Nestlé Waters Named 2019’s Design for Recycling Award Winner
The Institute of Scrap Recycling Industries (ISRI) names Nestlé Waters North America as its 2019 Design for Recycling® (DFR) Award winner, in recognition of its innovative use of recycled plastic and its product design centered on recycling.
The DFR Award is ISRI's most prestigious award given annually to the most innovative contribution to products designed with recycling in mind. Nestlé Waters has received the award specifically for the design of its Nestlé Pure Life 700 ml bottle made from 100 percent recycled PET plastic (rPET).
"The Design for Recycling Award recognizes proactive steps made by manufacturers that have actively incorporated its principles into products and processes," said Robin Wiener, president of ISRI. "Through innovative thought and design, Nestlé Waters is demonstrating the positive value of recycled plastics. There are obvious invaluable environmental benefits to using recycled plastics as feedstock in the manufacturing process to which Nestlé Waters has shown a commitment. On top of that, the design of the labeling process also takes into account improving the quality of the recycling stream. Through every stage of the manufacturing process, Nestlé Waters has shown a clear dedication to designing for recycling, and it is an honor to present them with this year's award."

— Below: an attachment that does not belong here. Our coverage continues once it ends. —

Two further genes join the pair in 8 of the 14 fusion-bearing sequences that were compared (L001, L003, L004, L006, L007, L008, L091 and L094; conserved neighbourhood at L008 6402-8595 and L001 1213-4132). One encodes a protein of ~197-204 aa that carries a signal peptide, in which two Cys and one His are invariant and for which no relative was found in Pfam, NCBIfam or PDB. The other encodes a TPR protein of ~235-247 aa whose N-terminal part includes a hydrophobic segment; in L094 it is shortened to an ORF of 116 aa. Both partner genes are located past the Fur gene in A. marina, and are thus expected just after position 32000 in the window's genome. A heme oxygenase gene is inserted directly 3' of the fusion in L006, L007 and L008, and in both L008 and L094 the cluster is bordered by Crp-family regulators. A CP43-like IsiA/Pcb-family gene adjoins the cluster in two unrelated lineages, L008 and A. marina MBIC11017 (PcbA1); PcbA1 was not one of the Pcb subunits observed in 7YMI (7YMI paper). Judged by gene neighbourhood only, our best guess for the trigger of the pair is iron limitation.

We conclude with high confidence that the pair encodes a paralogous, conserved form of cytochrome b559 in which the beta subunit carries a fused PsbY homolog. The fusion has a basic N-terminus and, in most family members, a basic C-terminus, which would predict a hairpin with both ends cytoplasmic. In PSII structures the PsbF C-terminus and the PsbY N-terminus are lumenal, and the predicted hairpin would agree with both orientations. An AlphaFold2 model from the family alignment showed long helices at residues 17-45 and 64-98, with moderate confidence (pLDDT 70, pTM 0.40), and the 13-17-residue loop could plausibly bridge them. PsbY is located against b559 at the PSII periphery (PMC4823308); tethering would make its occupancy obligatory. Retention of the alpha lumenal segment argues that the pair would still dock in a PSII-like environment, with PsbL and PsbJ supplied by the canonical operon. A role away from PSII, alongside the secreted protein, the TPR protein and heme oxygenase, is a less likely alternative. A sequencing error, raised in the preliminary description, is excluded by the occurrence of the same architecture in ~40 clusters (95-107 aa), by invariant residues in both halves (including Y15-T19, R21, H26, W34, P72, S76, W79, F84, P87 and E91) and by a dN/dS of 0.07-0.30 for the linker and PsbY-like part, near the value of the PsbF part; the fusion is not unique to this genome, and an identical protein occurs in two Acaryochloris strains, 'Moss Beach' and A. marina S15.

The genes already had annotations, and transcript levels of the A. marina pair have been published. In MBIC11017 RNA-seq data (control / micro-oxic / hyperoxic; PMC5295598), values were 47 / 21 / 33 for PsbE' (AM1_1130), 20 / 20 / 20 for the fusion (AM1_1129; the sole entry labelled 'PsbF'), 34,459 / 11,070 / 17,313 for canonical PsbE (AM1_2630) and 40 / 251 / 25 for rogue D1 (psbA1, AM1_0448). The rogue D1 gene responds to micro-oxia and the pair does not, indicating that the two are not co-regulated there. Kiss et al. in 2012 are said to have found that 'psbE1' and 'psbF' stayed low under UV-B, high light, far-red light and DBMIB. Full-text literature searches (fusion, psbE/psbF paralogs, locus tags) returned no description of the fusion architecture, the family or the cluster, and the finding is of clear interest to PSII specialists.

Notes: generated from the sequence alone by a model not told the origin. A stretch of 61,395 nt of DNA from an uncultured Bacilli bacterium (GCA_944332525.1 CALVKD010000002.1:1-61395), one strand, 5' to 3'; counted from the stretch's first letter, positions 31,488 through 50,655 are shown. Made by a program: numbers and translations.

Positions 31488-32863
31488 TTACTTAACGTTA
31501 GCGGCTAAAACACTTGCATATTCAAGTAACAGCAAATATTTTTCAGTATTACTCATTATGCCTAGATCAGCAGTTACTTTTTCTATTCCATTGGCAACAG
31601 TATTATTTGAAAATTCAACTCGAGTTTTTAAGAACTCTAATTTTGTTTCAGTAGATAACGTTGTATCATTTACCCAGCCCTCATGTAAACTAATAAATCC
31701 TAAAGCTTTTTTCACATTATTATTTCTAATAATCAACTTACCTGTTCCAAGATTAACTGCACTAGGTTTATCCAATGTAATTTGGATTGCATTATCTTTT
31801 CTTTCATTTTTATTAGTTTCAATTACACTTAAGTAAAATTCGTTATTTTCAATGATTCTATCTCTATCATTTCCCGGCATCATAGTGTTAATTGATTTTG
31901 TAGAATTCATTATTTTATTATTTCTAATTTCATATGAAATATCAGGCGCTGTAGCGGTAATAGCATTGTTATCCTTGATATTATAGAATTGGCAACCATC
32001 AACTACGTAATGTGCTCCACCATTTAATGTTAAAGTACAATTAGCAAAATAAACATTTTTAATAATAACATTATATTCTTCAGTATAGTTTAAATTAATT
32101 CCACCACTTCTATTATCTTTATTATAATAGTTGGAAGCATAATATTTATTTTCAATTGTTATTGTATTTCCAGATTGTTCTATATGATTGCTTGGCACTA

In addition to the Nestlé Pure Life bottle being made entirely from recycled content, its design also takes into account end-of-life processing: The bottle features a state-of-the-art, pressure-sensitive label. Unlike traditional adhesive labels that may not release from the PET flakes during the recycling process, these new labels will release easily during the wash stage of the recycling process so the material can be used to make new bottles again and again.
Nestlé Waters North America has been incorporating recycled plastic into its packaging since 2011. Most recently, the company also announced that it is on track to nearly quadruple its use of recycled PET plastic (rPET) in less than 3 years, with an ambition to reach 50 percent recycled plastic across its U.S. domestic portfolio by 2025.